The three-man crew of a Russian Soyuz spacecraft, including the first Brazilian to go to space, has joined the two-man crew in the International Space Station.
The Soyuz docked at the ISS on autopilot, after the two-day flight from the Baikonur Cosmodrome in Kazakhstan.
Russian Cosmonaut Pavel Vinogradov, American astronaut Jeffrey Williams and Brazilian Marcos Pontes entered the station a short time later.
Traditionally it is the head of mission, or Vinogradov, who goes in first.
But this time, the honor was conferred on Pontes, much to the delight of millions of his countrymen and women watching a live television feed back home in Brazil, where he has become a national hero.
The first Brazilian spaceman unfurled his country's flag, and smiled as he was greeted by American William MacArthur and Russia's Valery Tokarev, who have been on the station since last October.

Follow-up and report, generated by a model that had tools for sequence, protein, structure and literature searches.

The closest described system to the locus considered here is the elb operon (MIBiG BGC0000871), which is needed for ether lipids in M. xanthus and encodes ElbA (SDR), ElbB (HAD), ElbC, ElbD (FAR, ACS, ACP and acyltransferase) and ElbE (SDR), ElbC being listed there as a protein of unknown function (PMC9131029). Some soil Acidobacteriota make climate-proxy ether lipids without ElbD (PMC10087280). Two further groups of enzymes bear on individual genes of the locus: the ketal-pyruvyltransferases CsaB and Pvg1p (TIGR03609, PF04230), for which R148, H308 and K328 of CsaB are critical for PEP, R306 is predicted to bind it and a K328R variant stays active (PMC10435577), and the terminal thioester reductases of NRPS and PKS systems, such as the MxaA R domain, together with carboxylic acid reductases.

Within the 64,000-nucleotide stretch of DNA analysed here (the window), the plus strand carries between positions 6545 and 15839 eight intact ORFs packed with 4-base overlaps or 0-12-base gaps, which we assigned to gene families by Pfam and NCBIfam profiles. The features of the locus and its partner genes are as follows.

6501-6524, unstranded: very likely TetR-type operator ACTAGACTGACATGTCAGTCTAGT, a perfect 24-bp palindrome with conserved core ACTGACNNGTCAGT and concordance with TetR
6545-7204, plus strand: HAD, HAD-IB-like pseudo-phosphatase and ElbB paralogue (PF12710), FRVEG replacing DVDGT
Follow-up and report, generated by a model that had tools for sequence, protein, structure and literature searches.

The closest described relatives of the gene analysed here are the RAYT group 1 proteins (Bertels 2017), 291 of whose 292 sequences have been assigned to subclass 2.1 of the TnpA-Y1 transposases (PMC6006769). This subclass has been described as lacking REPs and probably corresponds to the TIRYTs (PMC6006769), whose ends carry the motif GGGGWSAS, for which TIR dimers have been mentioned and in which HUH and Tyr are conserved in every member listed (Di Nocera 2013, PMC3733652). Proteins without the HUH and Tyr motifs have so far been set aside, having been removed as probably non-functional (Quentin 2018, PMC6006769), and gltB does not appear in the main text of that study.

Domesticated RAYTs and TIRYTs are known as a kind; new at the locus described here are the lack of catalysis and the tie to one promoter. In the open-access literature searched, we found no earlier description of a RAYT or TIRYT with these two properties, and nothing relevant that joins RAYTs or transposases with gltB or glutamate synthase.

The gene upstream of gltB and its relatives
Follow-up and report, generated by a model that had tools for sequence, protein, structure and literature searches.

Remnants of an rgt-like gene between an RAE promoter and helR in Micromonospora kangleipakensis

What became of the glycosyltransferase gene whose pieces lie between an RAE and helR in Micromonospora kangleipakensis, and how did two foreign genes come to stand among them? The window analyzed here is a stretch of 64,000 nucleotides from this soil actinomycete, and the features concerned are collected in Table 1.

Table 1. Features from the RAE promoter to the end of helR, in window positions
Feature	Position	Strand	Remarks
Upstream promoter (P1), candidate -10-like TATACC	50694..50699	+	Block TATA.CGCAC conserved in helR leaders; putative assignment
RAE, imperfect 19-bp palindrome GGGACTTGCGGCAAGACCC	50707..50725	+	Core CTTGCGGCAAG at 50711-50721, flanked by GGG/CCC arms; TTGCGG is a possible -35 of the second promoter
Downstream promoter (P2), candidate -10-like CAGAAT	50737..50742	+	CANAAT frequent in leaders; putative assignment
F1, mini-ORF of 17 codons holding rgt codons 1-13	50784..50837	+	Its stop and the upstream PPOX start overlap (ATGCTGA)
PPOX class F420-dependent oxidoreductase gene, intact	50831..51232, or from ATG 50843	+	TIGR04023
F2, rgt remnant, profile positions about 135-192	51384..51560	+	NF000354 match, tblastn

Pontes, 43, is a Brazilian air force officer, who will stay on the station for the next nine days, conducting various experiments, before returning to earth with the current two-man crew on April 9.
Vinogradov and Williams are then due to spend the next six months on the International Space Station.
They will prepare for the arrival of a U.S. space shuttle in July, which will bring Thomas Reiter from Germany, who will also make an extended stay in space.
The ISS has depended on the Russian space program to ferry crews and cargo to and from the station since the Columbia shuttle disaster three years ago.
The shuttle Discovery did make a trip to the ISS last July, but had problems with the foam insulation on its external fuel tank.
NASA engineers say changes made since then should make everything ready for another flight this coming July.